Boris Johnson: Remember the Fall of the Wall
[Boris Johnson is Mayor of London.]
I am thinking champagne. And cake. And fireworks, of course, not just any old fireworks but some of those truly shell-shocking bits of Chinese ordnance called Harmonious Geese or Whispering Swans.
Far more important than the foiling of the Gunpowder Plot, far more benign in its consequences for world peace and prosperity, we celebrate next week the 20th anniversary of the fall of the Berlin Wall – the ultimate triumph of simple human instincts over an evil and degenerate system. Without the Fall of the Wall, millions of people in eastern Europe would still be living in terror of the Stasi or the Securitate.
Without the end of Soviet communism, China would never have launched the turbo-charged entrepreneurial drive that has helped fuel two decades of global consumption and growth, and spread undreamt-of material benefits around the world. Without the end of one oppressive regime in Moscow, another one – in South Africa – might have limped on for a few more years.
Without the Fall of the Wall, Nelson Mandela would never have walked to freedom. How much the greatest political event it was in my lifetime, and how much the best.
That is why I believe we should remember the Ninth of November, not just because the revolution introduced British tourists to the delights of the Easyjet weekend break in Vilnius and the stag party in Prague. We should remember that magnificent collapse with songs and cheers, because we are now still enduring a recession caused by the defects of free-market capitalism.
It is precisely now, when the public mood is so bitter towards bankers, so hostile to profit, so seemingly brassed off with the very idea of wealth creation that we should remember how ghastly, grim and unworkable was the alternative – state-controlled socialism. It was a moral disaster, a system that extolled equality but entrenched the privileges of an unelected elite who luxuriated in their dachas and their Zil limos, roaring down their reserved lanes and splashing the people with contemptuous sludge. It was a cultural and artistic wasteland, a regime that promoted the kitsch and camp of socialist realism and whose only literary legacy is the handful of books by authors brave enough to denounce the regime. It was a complete and utter environmental catastrophe, as anyone who travelled behind the Iron Curtain will remember. I don't just mean Chernobyl; I mean the cynical way in which socialist planning obliged human beings to endure the proximity of some of the filthiest factories in the world, the roiling clouds of smoke that seeded the warts and the cancers on the skin and in the lungs and the eyes of an innocent public.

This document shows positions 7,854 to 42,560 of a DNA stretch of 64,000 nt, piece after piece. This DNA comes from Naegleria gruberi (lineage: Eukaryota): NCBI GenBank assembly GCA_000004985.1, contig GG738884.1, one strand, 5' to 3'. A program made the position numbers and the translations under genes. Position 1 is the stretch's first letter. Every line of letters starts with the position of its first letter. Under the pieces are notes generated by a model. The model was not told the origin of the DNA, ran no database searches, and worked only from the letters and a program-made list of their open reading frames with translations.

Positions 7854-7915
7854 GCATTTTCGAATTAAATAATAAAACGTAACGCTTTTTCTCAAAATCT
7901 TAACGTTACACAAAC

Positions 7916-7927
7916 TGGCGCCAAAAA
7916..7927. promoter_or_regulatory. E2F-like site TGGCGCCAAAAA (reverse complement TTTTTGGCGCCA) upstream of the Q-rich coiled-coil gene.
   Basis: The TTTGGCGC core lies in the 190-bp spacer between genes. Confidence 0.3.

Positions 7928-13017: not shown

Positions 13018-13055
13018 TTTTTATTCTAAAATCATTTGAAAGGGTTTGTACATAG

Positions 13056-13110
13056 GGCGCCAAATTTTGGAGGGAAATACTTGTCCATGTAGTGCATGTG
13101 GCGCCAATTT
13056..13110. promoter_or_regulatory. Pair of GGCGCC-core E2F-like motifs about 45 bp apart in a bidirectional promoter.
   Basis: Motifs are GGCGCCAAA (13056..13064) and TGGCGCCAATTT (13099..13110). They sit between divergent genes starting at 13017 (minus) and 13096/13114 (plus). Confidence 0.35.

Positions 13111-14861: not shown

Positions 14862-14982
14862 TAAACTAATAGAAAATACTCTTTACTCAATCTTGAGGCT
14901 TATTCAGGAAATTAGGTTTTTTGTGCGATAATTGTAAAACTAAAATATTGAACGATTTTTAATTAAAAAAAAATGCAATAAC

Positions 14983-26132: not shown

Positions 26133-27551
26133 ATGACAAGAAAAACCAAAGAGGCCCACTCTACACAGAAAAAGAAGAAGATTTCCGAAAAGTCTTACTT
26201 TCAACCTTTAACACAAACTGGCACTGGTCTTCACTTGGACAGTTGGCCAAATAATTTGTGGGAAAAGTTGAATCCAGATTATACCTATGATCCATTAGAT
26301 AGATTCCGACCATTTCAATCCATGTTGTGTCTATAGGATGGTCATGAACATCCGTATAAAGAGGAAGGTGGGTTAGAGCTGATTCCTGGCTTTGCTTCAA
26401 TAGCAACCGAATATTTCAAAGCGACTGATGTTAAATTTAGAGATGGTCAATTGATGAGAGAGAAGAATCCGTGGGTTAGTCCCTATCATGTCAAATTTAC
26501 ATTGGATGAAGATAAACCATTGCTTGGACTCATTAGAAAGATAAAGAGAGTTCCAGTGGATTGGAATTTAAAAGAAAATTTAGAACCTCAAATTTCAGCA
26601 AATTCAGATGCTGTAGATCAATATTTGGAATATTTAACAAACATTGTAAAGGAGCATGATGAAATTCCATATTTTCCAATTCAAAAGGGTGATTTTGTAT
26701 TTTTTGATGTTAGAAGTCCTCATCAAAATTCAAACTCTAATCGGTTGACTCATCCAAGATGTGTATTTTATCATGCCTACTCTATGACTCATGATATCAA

It wasn't even a scientific success, but rather a series of appalling embarrassments, from Stalin's wacko genetic theories to Konkordski, to the abject failure to respond to the technical challenge of Star Wars. It was a human disaster, which crushed the spirit and sent tens of millions to their deaths or the servitude of the Gulag. Above all, it was an economic non-starter.
What mixture of joy and rage impelled those crowds, 20 years ago, to tear down the Berlin Wall with their bare hands?..
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Arnold Shcherban - 11/8/2009
<Without the end of one oppressive regime in Moscow, another one – in South Africa – might have limped on for a few more years.
Without the Fall of the Wall, Nelson Mandela would never have walked to freedom.>
Wasn't it the Soviet Union and other so-called socialist nations who were mostly critical of and mostly active in struggle against South African apartheid, while the West, and especially the US, the ones who actually prolonged the existence of that regime?
Not mentioning already the deep rooted hypocrisy of the West and the author of this article for whom Mr. Mandela was a "terrorist" exactly at the period of the intensified struggle
Yes, the world has changed - for better or worse. One thing, however, that never changes is the lies and insinuations of Western "free" propaganda machine.